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6 Common Causes of Inflammation That Have Nothing to Do With Your Diet

These often overlooked factors could also be to blame.

Inflammation is a normal and necessary immune response to infection or injury. When an area of your body becomes inflamed, cells rush to attack the invading bacteria, viruses or fungi, or to heal the damaged tissue. However, sometimes the body sends out inflammatory signals when no infection or injury is present, resulting in chronic inflammation.

Most often, people look to their diets to address the symptoms of inflammation, which may include joint pain, fatigue, and skin rashes, according to the Cleveland Clinic. Their experts note that inflammation is also linked with Alzheimer's disease, asthma, cancer, heart disease, and Type 2 diabetes, among other serious conditions.

While it's true that eating certain anti-inflammatory foods can help your body fight off inflammation, several other common causes of inflammation have nothing at all to do with your diet. Read on to learn which other factors may be behind your chronic inflammation, and how to reverse their effects.

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Having a chronic infection

Sick guy feeling ear pain, health care, neurological infection, itchiness otitis

Left untreated or under-treated, a chronic infection can trigger a prolonged inflammatory response, which can in turn lead to higher incidence of chronic illness. "When the body detects an infection, the immune system responds by releasing various chemicals that cause blood vessels to dilate and increase blood flow to the affected area. This influx of immune cells and fluid causes redness, swelling, and heat," explains Blen Tesfu, MD, a general practitioner and medical adviser at Welzo.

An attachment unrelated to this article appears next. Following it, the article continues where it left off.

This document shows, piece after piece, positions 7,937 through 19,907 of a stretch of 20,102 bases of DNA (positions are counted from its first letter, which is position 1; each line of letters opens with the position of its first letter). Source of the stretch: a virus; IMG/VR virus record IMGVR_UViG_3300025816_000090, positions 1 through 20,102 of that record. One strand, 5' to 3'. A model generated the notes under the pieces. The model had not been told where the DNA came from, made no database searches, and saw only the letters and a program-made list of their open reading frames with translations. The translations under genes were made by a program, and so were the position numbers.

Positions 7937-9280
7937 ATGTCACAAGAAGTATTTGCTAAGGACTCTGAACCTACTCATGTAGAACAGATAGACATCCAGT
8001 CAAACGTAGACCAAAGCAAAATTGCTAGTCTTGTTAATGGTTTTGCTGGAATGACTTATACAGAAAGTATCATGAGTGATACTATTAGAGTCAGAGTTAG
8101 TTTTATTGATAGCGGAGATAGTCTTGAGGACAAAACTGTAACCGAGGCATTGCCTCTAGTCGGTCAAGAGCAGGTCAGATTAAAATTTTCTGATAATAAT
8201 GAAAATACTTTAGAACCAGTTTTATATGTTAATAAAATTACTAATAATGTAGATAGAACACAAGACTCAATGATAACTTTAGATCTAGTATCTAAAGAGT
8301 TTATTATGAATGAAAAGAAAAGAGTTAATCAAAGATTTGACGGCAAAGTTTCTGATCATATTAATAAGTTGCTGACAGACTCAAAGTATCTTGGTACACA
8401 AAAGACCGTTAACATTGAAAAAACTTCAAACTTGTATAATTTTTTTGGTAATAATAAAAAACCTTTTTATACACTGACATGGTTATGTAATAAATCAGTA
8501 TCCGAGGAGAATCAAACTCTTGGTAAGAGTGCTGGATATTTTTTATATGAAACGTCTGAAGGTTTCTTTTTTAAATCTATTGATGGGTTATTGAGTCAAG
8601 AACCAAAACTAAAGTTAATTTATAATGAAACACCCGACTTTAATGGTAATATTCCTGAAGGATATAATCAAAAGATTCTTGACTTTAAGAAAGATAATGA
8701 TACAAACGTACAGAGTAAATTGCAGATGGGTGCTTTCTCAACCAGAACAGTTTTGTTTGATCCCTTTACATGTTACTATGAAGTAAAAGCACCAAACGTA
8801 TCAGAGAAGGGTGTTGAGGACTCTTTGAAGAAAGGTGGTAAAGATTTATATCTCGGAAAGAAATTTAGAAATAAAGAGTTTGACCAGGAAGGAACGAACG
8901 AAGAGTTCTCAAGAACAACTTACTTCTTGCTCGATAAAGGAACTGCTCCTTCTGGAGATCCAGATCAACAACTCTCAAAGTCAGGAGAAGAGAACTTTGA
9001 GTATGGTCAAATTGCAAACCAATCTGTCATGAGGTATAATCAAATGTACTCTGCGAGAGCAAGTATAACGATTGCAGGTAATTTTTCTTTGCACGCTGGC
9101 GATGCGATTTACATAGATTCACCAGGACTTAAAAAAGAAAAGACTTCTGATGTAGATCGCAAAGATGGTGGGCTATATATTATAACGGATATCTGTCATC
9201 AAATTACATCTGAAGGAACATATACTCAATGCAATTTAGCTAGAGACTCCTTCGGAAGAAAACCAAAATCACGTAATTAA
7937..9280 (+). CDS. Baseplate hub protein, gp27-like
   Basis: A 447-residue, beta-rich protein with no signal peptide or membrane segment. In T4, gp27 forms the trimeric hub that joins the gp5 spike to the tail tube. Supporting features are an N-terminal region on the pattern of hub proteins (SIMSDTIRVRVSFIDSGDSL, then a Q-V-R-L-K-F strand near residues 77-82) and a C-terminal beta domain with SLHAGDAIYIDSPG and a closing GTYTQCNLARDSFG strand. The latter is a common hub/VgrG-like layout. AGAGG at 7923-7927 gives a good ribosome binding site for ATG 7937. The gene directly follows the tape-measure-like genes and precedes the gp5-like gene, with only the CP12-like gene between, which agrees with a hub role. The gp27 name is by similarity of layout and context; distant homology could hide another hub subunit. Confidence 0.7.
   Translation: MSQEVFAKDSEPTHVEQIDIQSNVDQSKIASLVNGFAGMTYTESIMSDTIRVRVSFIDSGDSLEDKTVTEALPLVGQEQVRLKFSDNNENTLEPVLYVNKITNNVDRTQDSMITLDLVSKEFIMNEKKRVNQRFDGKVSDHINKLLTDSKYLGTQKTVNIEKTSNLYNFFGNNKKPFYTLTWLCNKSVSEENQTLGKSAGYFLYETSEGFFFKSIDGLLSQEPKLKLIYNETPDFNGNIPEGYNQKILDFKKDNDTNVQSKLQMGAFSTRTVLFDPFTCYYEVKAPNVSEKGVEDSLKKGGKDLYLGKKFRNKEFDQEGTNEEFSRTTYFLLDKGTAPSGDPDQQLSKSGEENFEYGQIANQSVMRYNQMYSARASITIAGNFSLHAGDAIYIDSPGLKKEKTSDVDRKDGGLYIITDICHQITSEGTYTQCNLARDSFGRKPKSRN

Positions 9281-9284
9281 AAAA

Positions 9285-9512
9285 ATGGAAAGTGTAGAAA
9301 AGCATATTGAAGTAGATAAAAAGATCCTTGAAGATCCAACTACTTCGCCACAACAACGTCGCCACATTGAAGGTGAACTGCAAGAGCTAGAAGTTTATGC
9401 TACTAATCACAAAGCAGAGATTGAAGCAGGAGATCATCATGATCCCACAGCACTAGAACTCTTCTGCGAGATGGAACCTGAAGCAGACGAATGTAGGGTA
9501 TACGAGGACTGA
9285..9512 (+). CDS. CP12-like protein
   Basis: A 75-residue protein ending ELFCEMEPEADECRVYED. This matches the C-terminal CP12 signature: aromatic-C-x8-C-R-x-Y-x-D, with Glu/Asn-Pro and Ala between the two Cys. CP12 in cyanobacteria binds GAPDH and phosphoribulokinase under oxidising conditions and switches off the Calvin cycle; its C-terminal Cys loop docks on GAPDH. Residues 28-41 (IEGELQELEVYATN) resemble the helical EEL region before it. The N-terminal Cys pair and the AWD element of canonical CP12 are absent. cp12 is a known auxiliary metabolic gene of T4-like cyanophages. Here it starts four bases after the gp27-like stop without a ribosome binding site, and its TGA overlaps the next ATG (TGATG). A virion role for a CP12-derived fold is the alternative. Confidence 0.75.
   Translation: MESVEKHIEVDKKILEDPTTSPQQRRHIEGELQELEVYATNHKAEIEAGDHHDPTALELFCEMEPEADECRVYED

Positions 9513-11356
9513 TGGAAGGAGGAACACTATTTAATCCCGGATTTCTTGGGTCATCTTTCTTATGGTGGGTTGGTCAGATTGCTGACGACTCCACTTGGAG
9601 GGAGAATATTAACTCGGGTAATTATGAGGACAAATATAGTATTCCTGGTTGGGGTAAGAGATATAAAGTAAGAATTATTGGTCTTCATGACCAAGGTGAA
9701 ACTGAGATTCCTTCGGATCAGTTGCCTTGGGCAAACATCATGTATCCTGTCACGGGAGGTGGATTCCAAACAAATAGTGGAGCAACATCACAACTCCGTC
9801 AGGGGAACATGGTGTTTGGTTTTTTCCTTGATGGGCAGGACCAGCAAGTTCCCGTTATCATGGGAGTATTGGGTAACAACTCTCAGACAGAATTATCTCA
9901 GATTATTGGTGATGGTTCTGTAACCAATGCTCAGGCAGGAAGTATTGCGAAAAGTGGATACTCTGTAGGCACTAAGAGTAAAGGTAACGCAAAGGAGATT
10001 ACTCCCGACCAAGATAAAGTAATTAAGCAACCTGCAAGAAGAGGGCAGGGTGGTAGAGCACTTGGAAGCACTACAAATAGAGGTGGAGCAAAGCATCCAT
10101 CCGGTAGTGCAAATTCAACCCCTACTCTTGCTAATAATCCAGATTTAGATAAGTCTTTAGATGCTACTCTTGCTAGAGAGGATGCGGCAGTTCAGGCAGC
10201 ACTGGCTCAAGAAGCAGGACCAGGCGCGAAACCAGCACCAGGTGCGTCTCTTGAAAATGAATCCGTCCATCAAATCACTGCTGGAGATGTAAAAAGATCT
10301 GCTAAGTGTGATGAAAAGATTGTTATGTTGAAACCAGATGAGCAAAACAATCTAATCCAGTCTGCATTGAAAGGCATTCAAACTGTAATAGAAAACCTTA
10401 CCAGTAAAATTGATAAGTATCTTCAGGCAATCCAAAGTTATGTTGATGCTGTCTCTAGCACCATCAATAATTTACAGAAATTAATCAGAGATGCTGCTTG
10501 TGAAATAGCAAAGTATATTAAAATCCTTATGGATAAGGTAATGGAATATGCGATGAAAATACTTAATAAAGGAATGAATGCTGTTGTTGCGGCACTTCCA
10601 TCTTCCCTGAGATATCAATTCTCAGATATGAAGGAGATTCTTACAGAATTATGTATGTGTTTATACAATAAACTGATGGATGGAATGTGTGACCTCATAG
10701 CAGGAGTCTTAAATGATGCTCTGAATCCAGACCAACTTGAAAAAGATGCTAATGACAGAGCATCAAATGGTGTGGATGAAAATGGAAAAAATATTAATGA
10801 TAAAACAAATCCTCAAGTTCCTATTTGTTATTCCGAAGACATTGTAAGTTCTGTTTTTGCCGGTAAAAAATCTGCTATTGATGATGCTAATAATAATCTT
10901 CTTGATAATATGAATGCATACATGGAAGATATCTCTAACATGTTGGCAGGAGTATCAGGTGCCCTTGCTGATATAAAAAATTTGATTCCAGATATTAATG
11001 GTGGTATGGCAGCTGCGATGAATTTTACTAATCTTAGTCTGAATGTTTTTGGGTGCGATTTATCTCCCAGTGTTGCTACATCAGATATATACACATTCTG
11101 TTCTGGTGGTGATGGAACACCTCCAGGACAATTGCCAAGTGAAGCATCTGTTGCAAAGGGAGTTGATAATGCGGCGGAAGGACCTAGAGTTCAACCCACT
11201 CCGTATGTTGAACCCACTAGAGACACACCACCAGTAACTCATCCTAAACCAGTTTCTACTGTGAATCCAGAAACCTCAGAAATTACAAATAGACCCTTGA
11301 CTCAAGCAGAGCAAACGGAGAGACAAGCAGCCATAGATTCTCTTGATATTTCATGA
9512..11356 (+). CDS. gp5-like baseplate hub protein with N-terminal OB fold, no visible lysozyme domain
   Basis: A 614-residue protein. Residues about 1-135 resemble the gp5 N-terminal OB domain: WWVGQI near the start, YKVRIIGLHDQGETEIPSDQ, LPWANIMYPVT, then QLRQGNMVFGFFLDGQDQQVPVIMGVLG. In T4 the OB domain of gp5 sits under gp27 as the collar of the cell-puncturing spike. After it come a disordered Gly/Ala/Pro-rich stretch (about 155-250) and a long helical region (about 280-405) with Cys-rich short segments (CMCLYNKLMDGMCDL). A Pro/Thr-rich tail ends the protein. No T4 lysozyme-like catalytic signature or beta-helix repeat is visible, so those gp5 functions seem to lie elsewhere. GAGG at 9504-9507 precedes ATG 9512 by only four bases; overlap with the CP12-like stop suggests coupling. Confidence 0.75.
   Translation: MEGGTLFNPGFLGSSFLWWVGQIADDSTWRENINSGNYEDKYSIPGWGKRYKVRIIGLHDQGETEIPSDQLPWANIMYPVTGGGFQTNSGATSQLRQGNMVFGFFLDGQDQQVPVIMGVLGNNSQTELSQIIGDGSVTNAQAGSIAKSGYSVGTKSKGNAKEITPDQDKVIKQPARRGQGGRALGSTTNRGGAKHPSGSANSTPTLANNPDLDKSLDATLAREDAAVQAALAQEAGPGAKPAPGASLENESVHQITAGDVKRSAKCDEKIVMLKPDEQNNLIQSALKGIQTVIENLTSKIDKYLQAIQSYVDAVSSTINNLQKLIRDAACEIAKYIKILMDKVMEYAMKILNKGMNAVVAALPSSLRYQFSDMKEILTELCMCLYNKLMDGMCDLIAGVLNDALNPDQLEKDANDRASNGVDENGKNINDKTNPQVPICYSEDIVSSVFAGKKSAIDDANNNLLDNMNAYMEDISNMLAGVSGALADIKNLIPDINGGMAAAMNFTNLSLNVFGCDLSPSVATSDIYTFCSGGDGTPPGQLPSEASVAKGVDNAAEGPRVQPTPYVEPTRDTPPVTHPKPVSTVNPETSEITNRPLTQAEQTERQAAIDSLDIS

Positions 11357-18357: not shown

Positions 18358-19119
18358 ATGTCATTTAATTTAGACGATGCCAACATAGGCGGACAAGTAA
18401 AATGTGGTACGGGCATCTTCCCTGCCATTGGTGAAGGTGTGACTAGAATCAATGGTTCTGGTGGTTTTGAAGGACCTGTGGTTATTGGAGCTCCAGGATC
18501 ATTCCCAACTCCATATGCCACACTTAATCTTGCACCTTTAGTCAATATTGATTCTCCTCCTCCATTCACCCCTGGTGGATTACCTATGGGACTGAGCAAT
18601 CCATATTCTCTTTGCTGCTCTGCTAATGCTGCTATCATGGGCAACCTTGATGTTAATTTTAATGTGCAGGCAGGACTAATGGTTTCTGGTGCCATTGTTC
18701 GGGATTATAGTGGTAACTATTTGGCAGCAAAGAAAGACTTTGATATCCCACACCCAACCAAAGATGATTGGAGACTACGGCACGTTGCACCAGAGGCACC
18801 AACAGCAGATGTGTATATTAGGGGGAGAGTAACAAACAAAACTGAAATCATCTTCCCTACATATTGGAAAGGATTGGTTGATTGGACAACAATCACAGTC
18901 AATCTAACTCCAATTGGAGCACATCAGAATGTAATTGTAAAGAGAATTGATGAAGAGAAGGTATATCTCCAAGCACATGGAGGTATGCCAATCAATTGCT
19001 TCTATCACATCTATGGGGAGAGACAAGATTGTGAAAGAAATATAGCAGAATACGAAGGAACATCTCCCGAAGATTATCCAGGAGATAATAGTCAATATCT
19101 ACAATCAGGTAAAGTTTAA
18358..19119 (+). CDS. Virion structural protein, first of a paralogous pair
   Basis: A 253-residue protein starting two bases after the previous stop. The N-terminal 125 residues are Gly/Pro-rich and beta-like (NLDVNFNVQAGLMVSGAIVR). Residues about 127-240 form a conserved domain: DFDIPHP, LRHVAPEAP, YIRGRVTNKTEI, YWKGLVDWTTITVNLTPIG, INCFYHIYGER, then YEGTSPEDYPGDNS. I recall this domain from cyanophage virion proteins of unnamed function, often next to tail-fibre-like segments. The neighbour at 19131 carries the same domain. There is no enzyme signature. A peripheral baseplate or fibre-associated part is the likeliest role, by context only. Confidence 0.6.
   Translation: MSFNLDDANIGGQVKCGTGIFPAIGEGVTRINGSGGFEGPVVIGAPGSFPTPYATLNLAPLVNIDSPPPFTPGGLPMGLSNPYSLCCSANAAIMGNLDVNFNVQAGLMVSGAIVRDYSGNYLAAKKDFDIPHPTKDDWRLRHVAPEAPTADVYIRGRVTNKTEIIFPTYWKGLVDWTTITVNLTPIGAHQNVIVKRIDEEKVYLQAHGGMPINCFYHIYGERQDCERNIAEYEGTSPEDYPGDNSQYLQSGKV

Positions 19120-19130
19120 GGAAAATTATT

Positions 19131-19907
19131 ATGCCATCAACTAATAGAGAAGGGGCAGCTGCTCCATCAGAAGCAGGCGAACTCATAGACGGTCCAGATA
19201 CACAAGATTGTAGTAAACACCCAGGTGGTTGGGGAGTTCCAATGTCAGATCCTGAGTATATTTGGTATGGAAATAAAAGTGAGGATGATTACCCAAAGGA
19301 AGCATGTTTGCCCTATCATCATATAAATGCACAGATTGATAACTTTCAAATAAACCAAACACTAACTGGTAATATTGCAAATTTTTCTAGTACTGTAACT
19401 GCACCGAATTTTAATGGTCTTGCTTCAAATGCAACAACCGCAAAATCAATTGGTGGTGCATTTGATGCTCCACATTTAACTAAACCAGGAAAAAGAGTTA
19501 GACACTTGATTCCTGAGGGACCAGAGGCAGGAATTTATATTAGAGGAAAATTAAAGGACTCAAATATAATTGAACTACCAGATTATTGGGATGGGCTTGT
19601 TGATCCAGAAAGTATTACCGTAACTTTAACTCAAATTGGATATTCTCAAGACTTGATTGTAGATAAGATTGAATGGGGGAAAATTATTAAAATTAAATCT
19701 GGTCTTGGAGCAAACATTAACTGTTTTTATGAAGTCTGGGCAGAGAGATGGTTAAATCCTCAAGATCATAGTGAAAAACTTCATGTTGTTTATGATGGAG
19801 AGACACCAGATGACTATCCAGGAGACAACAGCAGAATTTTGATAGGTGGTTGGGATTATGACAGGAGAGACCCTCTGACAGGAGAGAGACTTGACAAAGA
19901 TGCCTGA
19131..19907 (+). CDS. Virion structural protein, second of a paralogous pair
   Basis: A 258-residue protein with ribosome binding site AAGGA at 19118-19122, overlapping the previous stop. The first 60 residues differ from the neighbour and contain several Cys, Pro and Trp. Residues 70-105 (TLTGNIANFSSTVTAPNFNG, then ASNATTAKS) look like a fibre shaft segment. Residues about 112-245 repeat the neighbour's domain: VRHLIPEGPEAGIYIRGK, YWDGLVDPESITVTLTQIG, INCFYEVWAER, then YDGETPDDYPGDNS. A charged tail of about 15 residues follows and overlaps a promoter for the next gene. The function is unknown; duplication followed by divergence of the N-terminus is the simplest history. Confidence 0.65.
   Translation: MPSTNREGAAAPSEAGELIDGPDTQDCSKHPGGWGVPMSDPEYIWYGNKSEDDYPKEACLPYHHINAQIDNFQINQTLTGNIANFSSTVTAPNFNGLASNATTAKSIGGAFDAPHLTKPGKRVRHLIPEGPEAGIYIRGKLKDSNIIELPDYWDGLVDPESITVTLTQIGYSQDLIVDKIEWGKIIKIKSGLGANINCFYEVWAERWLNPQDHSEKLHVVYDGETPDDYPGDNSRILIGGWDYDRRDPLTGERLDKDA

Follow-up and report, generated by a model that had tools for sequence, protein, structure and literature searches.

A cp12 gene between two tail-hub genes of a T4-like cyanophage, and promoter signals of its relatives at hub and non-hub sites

Tun Min, MD, a family physician and general practitioner working with the U.K.'s National Health Services (NHS), says that while an inflammatory response is usually "self-limiting," it can still "cause serious harm if repeated infections or in people with defective immune systems. Prompt recognition and treatment of any infections and strengthening of the immune system will help alleviate this condition," he tells Best Life.

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Being stressed out

A young couple facing away from each other on the couch; the man has his head in his hands and the woman is crying.
Budimir Jevtic / Shutterstock

Physical and mental stress produce an excess of hormones, including cortisol, adrenaline, noradrenaline and growth hormones. "These hormones alter the cellular signals and stimulate the inflammatory process," says Min.

Tesfu agrees that chronic stress is a common culprit behind inflammation."Stress can disrupt sleep patterns, impair immune function, and lead to unhealthy coping mechanisms such as poor diet choices or excessive alcohol consumption, which can further contribute to inflammation," she tells Best Life.

The good news? There are several ways to reduce inflammation by managing stressors and your response to them. Tesfu recommends techniques like mindfulness, exercise, getting adequate sleep, and seeking support from friends, family, or professionals to help improve your symptoms.

Getting older